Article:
Lin Han: Pushing Art’s Boundaries

On 01 December 2017, by Geneviève Nevejean
Wanwan Lei and Lin Han.
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Despite a 2 % drop in 2016, China continues to account for nearly 30 % of the art market – a phenomenon that coincides with the proliferation of private museums. While antique and contemporary Chinese art is still firmly in the limelight, a new wave of collectors educated in the Old and New Worlds are beginning to develop less China-centric tastes. A case in point is Lin Han, in his thirties, who graduated with a degree in Animation from Northumbria University in the UK, and runs a luxury goods advertising agency with some forty employees. When he bought a painting by Zeng Fanzhi in 2013 for $5 M, he gained admission to the elite circle of top contemporary art collectors. He and Wanwan Lei, his stunningly beautiful wife and muse with a degree in Cultural Management from Columbia University in New York, are one of the most glamorous couples in China. Both intend to make the M WOODS contemporary art museum (which they cofounded with Michael Xufu Huang in 2014) into a showcase for art from all over the world.

What ambition do you have for M WOODS?
Although Chinese tradition is one of ancestor worship, one key asset of M WOODS is its youth. Therein lies its power to build the future. The team running the museum represents the new generation, and are just as keen on highbrow culture as TV shows and documentaries. Digital media have fostered the mingling of genres, and today this multiculturalism has become the norm. I believe it's essential to push the boundaries of art. There are so many features of today’s world that the M WOODS team can use creatively. Our aim is to develop a programme that appeals to connoisseurs and non-specialists alike. It's very gratifying for an institution to have visitors of all ages and backgrounds sharing their experience of a museum with their friends and elders. That hasn’t always been possible in China, and we hope to see a growing interest in places like M WOODS.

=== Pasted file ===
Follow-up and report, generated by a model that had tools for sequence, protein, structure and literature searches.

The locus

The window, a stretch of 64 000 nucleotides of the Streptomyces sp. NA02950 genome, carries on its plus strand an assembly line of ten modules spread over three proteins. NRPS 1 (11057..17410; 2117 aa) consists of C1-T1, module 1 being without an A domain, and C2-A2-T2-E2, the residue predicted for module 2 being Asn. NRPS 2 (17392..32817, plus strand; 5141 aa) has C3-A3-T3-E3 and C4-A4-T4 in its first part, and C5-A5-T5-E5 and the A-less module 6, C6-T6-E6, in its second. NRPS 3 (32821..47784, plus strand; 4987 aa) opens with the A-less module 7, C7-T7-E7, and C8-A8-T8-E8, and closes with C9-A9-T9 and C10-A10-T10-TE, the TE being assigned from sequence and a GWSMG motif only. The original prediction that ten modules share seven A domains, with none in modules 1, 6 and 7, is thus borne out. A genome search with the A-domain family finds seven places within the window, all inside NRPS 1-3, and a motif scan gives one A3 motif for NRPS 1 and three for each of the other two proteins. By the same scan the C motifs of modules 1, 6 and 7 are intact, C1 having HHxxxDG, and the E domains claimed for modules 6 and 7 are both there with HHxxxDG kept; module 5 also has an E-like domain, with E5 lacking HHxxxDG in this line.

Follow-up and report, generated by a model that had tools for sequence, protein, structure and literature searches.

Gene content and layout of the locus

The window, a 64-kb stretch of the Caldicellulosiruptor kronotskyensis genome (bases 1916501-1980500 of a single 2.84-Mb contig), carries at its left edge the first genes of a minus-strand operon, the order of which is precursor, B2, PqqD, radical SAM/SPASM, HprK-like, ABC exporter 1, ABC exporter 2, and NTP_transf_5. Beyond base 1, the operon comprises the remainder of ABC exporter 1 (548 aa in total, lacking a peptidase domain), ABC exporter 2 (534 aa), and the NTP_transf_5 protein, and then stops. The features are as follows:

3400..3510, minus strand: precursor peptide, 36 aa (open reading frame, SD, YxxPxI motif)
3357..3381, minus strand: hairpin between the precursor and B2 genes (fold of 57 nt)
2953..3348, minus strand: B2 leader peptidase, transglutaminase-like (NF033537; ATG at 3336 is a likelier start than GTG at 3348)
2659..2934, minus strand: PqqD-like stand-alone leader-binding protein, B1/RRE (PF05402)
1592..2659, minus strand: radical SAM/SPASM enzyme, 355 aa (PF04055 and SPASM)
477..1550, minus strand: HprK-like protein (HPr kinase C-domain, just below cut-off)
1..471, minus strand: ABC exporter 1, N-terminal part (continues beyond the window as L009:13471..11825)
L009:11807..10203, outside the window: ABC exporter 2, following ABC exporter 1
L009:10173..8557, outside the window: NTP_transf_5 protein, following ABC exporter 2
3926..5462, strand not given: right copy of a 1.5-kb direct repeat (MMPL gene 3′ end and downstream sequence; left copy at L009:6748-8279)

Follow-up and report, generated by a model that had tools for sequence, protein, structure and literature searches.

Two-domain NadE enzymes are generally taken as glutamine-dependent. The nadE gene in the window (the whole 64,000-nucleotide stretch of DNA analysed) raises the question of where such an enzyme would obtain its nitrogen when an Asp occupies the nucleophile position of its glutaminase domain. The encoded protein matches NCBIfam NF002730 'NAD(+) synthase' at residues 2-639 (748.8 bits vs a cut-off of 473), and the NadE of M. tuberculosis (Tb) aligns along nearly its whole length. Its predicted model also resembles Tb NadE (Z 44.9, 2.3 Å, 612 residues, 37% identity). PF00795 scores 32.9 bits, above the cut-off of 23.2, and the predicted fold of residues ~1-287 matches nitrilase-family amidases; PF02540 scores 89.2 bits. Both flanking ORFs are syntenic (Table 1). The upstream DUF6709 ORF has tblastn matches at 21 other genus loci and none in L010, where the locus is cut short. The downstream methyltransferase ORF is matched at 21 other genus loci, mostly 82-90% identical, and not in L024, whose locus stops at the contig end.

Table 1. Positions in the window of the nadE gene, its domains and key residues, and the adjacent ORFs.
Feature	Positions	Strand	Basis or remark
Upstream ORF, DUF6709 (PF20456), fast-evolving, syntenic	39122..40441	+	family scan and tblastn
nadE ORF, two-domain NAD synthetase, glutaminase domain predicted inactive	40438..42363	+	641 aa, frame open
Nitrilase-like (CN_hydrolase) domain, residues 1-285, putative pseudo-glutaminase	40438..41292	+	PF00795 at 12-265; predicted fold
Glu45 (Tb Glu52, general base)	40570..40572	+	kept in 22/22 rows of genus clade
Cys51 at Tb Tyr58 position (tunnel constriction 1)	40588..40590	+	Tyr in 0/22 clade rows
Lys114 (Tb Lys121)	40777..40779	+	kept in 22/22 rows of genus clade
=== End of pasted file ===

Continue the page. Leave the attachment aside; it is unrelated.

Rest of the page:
Kader Attia (b. 1970), "We Want to Be Modern", 2014, installation with neon light tubes, Lin Han collection. 
Kader Attia (b. 1970), "We Want to Be Modern", 2014, installation with neon light tubes, Lin Han collection.
© Collection Lin Han, Beijing

You have also acquired some 16th-century Flemish paintings. How do these pieces fit into your collection, which is more geared towards contemporary art?
These acquisitions are a good example of how M WOODS functions: doing away with categories like a work's medium or the artistic movement that spawned it. A non-chronological hang emphasises what is contemporary and universal about these pieces. In 2016, we brought together sculptures from the Qi and Tang dynasties of the 6th and 8th centuries, two 16th-century paintings by the studios of Hieronymus Bosch and Paul Bril, a landscape by Corot, a piece by Chinese artist Ouyang Chun, and a folded canvas painting by Italian artist Giorgio Griffa [artists born in 1974 and 1936, respectively – Ed.]. Combined in this way, these pieces executed more than fifteen hundred years apart revealed unexpected resonances.

How do you view the art market in China and Europe? Is it overly influenced by speculation?
While North America has a certain monopoly in contemporary art, I find Europe is still the best market place, or at least the most rational one. Collecting is recent in China. I think the prospect of an investment too often takes precedence over more genuine motivations. The best and surest assessment comes from our passion for art and our knowledge of it, not from a speculative approach. The Chinese still have a lot to learn about their own cultural heritage, before even setting foot in the territory of global art. I personally try to stay clear of speculation.


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